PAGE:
Bengkulu Province Bank Indonesia Representative Office


Deputy Director – Head of Bengkulu Province Bank Indonesia Representative Office




​Jl. Jend. Ahmad Yani No. 1
​Bengkulu, ​38116
Telephone: (0736) 21736
Fax: (0736) 21735

Bengkulu was formed on 18th November 1968 as a level-1 province and the 26th Indonesian province, encompassing Enggano Island, Tikus Island and Mega Island as outlying islands of western Indonesia. 

Bengkulu province is located on the southwest coast of Sumatra, running longitudinally from north to south with the Barisan Mountains to the east and the Indian Ocean to the west. The province spans 21,089.38km² or 2,108,938ha with the following borders:

1. West Sumatra province to the north;
2. Jambi and South Sumatra provinces to the east;
3. Indian Ocean to the west; and
4. Lampung Province to the south.

Agriculture, wholesale and retail trade as well as government administration services dominate the economy of Bengkulu, accounting for more than 50% of the total and absorbing most labour in the province.

The main commodities produced in Bengkulu include palm oil, rubber and coal.  Most palm oil plantations are located in the northern part of the province with relatively few in the south.  Most palm oil produced in Bengkulu is absorbed by the local market rather than exported, with India, China, Malaysia and Europe the main export destinations.

Rubber is the second-largest commodity produced in Bengkulu after palm oil, with most rubber plantations privately owned.  Most rubber from Bengkulu is processed into SIR-20, with some processed into Ribbed Smoked Sheets (RSS).  Furthermore, most rubber is sold to the export market, which is dominated by the United States.  Downstream rubber processing in Bengkulu remains suboptimal, with local production limited to SIR-20 and Ribbed Smoked Sheets. Since rubber prices began to decrease in the 2010s, land expansion has declined.

Coal is a major commodity in Bengkulu, after agriculture, with most mines located in North Bengkulu, Seluma and Central Bengkulu regencies. Coal in Bengkulu is a mixture of low and high-calorie coal. Low-calorie coal is primarily found in North Bengkulu and Seluma, which is typically utilised as a source of energy in steam-electric power plants and exported to the Philippines and China.  Meanwhile, high-calorie coal deposits are located in Central Bengkulu, particularly in Taba Penanjung. 
Bengkulu province is endowed with a bounty of travel destinations, including historical, natural and cultural attractions as follows:

1. The house of Soekarno’s exile in Bengkulu city;
2. Fort Marlborough in Bengkulu city (English heritage fort established by the East India Company (IEC) between 1714-1719;
3. Thomas Parr monument in Bengkulu city (monument dedicated to Thomas Parr, a British resident of Bengkulu in 1807);
4. First Lady Fatmawati’s family home in Bengkulu city (the family home of inaugural First Lady, where Fatmawati sewed the heirloom red-and-white flag of Indonesia (Bendera Pusaka) in 1945); and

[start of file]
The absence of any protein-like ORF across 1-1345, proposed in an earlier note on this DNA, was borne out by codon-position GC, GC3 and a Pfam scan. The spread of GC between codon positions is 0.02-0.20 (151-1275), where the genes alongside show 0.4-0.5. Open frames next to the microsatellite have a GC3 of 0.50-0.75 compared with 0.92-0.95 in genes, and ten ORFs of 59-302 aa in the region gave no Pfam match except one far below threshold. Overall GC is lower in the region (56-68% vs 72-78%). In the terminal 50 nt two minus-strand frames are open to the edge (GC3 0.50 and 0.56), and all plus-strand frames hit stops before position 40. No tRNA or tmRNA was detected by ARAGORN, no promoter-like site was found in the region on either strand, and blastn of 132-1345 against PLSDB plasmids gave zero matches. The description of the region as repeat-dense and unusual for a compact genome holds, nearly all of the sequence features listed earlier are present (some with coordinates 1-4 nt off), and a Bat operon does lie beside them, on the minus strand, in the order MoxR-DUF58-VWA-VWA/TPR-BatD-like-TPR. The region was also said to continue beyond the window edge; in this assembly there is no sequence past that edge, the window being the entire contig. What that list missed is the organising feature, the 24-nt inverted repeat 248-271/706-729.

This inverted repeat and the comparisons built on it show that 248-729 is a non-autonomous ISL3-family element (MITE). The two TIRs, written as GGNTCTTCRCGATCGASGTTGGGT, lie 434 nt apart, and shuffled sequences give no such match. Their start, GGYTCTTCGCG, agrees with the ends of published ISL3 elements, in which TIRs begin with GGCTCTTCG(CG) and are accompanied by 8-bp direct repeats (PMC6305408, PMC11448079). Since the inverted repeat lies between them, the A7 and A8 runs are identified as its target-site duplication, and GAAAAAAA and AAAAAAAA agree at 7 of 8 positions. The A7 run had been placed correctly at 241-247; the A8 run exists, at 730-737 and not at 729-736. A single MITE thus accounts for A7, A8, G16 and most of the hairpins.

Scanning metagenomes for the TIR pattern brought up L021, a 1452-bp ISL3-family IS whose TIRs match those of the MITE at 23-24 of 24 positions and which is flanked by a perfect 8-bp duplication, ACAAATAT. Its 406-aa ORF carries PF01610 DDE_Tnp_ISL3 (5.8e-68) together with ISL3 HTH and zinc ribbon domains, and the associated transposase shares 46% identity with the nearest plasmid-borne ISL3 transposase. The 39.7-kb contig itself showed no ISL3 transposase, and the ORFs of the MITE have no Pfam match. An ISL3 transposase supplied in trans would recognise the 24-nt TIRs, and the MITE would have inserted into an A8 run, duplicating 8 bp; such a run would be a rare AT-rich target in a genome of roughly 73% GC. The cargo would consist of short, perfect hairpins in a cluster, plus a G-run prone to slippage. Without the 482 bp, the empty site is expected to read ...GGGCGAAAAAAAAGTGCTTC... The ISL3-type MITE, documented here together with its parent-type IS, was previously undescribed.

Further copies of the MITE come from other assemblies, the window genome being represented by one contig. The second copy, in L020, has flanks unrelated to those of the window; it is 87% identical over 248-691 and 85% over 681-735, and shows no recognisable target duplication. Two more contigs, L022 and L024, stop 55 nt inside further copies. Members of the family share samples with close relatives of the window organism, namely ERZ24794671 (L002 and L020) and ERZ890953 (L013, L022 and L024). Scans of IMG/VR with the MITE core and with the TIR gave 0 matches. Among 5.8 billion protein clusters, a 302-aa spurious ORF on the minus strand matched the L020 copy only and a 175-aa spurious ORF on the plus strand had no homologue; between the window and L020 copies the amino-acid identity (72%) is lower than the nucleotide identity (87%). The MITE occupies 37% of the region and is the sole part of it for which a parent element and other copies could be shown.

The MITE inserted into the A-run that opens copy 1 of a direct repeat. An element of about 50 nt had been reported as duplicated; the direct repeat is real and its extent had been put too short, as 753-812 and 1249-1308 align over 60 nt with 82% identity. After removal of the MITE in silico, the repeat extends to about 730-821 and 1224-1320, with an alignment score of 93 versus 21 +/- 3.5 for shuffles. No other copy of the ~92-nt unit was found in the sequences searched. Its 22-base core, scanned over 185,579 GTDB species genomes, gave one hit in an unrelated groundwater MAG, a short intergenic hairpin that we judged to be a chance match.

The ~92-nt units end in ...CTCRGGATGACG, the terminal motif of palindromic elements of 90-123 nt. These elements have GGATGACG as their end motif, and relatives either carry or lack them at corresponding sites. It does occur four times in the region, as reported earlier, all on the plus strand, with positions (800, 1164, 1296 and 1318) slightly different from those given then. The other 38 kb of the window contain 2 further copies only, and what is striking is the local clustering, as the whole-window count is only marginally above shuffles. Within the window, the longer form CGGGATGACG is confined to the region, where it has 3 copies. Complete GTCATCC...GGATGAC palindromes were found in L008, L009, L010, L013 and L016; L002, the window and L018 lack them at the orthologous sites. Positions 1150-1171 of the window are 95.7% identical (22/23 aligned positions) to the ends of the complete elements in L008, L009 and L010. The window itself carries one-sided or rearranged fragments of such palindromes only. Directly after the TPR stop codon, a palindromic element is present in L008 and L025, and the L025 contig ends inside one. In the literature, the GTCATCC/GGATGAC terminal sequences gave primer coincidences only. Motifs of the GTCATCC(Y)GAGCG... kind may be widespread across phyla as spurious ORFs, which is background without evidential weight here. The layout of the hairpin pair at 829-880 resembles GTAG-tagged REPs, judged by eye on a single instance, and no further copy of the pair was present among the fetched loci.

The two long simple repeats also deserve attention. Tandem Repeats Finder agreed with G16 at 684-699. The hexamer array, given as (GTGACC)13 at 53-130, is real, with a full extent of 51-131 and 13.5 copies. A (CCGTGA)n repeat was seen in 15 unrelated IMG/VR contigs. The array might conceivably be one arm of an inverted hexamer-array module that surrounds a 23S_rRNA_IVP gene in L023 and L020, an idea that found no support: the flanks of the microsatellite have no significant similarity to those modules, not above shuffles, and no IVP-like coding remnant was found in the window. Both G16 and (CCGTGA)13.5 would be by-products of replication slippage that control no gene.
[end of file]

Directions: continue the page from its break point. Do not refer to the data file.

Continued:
5. Jamik mosque in Bengkulu city (mosque designed by Soekarno during his exile in Bengkulu and built in the 1940s). 

1. Dol Music and Dance
The rhythmic beat of this instrument conjures up its own excitement. The drumming produced by this musical instrument injects life and energy into any performance.  This is the Dol, a drum unique to Bengkulu, which is usually played together in groups.

2. Tabut Festival
Bengkulu Tabut Festival, which began in 1685, has now been included in the Calendar of Events (CoD) of Wonderful Indonesia.  The unique festival is always held from 1-10 Muharram to welcome the new Islamic year to commemorate the struggle, heroism and death of the prophet Muhammad SAW.

1. Panjang Beach;
2. Rafflesia flowers;
3. Tikus (Rat) Island;
4. Kabawetan Tea plantation;
5. Mangrove Forest;
6. Arum Jeram Lebong;
7. Suban Hot Spring; and
8. Laguna Beach.

Built in 1972, the Bank Indonesia Representative Office in Bengkulu is located on Jalan Jendral Ahmad Yani, No.1, and was officially opened on 14th September 1974 by Rahmat Saleh, the Bank Indonesia Governor at the time.  R. Husni Djojosoemitro was the first head of the Bank Indonesia Representative Office in Bengkulu province, with a staff of around 28.  The office in Bengkulu is one of 13 representative offices located in Sumatra, covering nine regencies and one city as follows:

1. Bengkulu city;
2. North Bengkulu regency (Capital: Arga Makmur);
3. South Bengkulu regency (Capital: Manna);
4. Muko-Muko regency (Capital: Mukomuko);
5. Rejang Lebong regency (Capital: Curup);
6. Seluma regency (Capital: Tais);
7. Kaur regency (Capital: Bintuhan);
8. Lebong regency (Capital: Tubei);
9. Kepahiang regency (Capital: Kepahiang); and
10. Bengkulu regency (Capital: Karang Tinggi).

The Bank Indonesia Representative Office in Bengkulu province is a C-class representative office coordinated by the Regional Department and Coordinating Office for Sumatra region located in Medan.  The organisational structure consists of two teams overseeing seven units and functions.​

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